Do you remember the Tay Twitter bot? For those who don’t remember, this was a Twitter bot that Microsoft designed in order to try and get an AI to learn how to have a normal human conversation… and because they put this on TWITTER, that bot went from sweet and charming to full-on Nazi in under 24 hours. It was a quick lesson in how quickly an AI can learn and how that learning can be used to create something terrifying… and the limits and uses of AI make for an interesting time in the Sydney Underground Film Festival entry Origin Of The Species.

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Shit & Champagne (2021) – Effervescant

Seen at the Sydney Underground Film Festival

Shit & Champage Info

It’s been no secret on this blog that I’m a very big fan of drag queen films, having reviewed more than a few of them over the last few years. The drag queen film can be split up into two seperate but equally important groups, the first one being where it’s about drag queens and the film acknowledges that these are drag queens. Things like Cherry Pop, To Wong Foo Thanks For Everything Julie Newmar or Death Drop Gorgeous (to name three films I reviewed and can therefore link to, thus improving SEO) would fit into this since all the characters involved are stated to be drag queens, even if they’re in drag the entire goddamn movie. The second kind of drag queen film casts drag queens in female roles and treats them as though they were just regular women, basically any role that Divine ever played is a role that’s meant to be a woman and they just happened to cast a Drag Queen. 

Today’s movie, Shit & Champagne, is a beautiful and glorious example of the second kind of drag movie.

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Poly Styrene: I Am A Cliché (2021) – Obsessed with This

Seen at the Sydney Underground Film Festival

After the gut-punch of a documentary with Lydia Lunch, it feels right to wash it down with a documentary about another performer that broke boundaries in her own unique way. The idea of course was to try and watch something that was a little lighter and maybe a little easier to take on… stupid me forgetting that the Sydney Underground Film Festival thrives on really just fucking with the audience. So, time to talk about Poly Styrene: I Am A Cliché.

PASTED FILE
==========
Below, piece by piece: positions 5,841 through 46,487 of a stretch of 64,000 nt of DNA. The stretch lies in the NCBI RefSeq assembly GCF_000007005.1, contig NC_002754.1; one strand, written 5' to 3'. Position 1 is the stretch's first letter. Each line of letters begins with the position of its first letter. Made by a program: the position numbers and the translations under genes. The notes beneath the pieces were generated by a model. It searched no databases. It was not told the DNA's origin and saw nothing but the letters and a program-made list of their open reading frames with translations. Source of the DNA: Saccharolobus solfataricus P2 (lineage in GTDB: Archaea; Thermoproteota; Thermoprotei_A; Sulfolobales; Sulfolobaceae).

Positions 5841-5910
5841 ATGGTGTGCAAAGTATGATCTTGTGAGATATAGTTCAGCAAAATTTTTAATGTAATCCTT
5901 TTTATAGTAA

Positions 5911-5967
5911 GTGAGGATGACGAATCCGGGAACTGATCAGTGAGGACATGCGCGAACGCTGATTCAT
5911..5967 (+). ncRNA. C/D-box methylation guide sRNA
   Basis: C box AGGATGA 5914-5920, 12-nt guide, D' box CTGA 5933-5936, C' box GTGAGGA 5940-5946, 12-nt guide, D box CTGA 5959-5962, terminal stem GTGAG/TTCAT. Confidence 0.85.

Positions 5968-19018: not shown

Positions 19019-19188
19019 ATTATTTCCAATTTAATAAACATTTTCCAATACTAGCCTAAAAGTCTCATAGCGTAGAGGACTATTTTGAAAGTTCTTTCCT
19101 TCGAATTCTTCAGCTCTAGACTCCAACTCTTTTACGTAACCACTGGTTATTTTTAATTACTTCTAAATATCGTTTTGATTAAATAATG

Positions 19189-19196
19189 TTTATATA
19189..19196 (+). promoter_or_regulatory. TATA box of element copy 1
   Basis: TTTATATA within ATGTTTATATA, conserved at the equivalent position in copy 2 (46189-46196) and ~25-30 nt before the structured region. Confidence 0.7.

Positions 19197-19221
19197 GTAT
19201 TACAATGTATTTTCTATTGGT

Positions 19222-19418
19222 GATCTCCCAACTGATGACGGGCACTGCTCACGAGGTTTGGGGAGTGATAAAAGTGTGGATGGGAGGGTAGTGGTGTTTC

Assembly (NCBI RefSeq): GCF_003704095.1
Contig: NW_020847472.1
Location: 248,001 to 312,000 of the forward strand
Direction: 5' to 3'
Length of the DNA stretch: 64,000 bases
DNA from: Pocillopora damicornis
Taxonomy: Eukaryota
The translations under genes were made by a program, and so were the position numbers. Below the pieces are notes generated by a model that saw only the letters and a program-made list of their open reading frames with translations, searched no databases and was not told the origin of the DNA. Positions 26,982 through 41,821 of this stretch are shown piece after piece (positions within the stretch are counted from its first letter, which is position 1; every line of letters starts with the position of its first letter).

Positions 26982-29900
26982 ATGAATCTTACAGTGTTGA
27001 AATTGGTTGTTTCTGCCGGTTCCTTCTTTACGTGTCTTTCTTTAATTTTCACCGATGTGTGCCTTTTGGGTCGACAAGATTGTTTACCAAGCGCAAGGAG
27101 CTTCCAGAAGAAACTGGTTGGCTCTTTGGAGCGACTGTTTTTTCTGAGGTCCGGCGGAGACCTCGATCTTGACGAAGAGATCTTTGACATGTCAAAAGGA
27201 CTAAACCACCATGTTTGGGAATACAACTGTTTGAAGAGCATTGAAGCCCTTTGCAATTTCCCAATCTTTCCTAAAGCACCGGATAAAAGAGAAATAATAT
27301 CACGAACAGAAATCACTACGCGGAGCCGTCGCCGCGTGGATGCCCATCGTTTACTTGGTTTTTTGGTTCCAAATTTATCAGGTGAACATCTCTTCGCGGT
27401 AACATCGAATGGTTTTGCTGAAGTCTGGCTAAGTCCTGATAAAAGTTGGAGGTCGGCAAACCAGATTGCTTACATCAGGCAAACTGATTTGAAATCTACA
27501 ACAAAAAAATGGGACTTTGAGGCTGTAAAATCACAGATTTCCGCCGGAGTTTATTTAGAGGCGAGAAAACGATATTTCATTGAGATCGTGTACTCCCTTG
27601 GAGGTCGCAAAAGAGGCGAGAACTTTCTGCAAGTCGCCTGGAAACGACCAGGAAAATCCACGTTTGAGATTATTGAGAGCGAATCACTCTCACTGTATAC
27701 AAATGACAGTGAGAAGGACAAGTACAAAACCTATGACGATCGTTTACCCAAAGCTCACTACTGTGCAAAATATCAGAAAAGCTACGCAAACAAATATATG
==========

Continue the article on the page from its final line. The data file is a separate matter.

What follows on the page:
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Fanny: The Right To Rock (2021) – Wonderful Feeling

Seen at the Sydney Underground Film Festival

Fanny: The Right To Rock Info

The history of music is filled with some truly great female bands. The Go-Go’s, The Runaways and The Bangles just to name a few that hit big mainstream success. One band however is considered to be the first all-female rock band to be signed to a major label, a band that would influence all the others that followed, were championed by such icons as David Bowie and would open for bands like Slade and Jethro Tull… that band was named Fanny and they were at the forefront of women’s right to be rock stars (which is great because that gives their documentary a fantastic subtitle to put after the semicolon).

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Lydia Lunch: The War Is Never Over (2019) – Unearthly Delight

Seen at the Sydney Underground Film Festival

I’ll be honest and admit the name Lydia Lunch was not one I had heard of before I started watching the documentary Lydia Lunch: The War Is Never Over. Why would I? I’m an unhip Aussie who wasn’t even conceptualised back in 1979 when Lydia started performing with her band Teenage Jesus and the Jerks (which… yeah, best band name ever, calling it now). In a way, I feel like not knowing anything about Lydia worked to my advantage because watching the film felt like being punched in the face with shock and awe, which feels like it fits in well with her aesthetic.

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Sleeze Lake: Vanlife at its Lowest and Best (2020) – Van-tastic

Seen at the Sydney Underground Film Festival

Sleeze Lake: Vanlife at its Lowest and Best Info

There’s an old truism that “If you remember the 70s then you weren’t there”. This has also been applied to the 60s, largely because of Woodstock, but it can also apply to the 70s when everyone was just doing endless amounts of drugs… like, enough drugs that anyone who was around in the 60s or 70s isn’t allowed to ever talk shit about what drugs the youth of today do. Anyway, this era led to a lot of memorable big festivals where a lot of people did a lot of drugs. Today’s Sydney Underground Film Festival entry is about one of the lesser-known drug-filled festivals, but also one of the strangest.

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Cannon Arm and the Arcade Quest (2021) – GAME ON!

Seen at the Sydney Underground Film Festival

Cannon Arm and the Arcade Quest Info

It’s been two years since I’ve been able to go to a film festival, specifically my favourite film festival on earth. The Sydney Underground Film Festival, a festival dedicated to strange underground films that are usually shown in this great little venue that’s clearly not really meant for a film festival but some nutbags decided to put up a projector in a few rooms and boom, you got a festival.

This festival provided 2 previous entries to my “best of” list, that being Greener Grass and Use Me, and I was hoping to get to go again this year but… well, that thing that meant I only got to review Fast and Furious 9 yesterday moved the festival to online only. The upside? That means that for the next month I’ll be able to get through a lot of these films that I might not have been able to see if I was going in person (maybe that’ll keep me sane until this lockdown ends). 

So, let’s start this off with a documentary about a guy and his arcade system.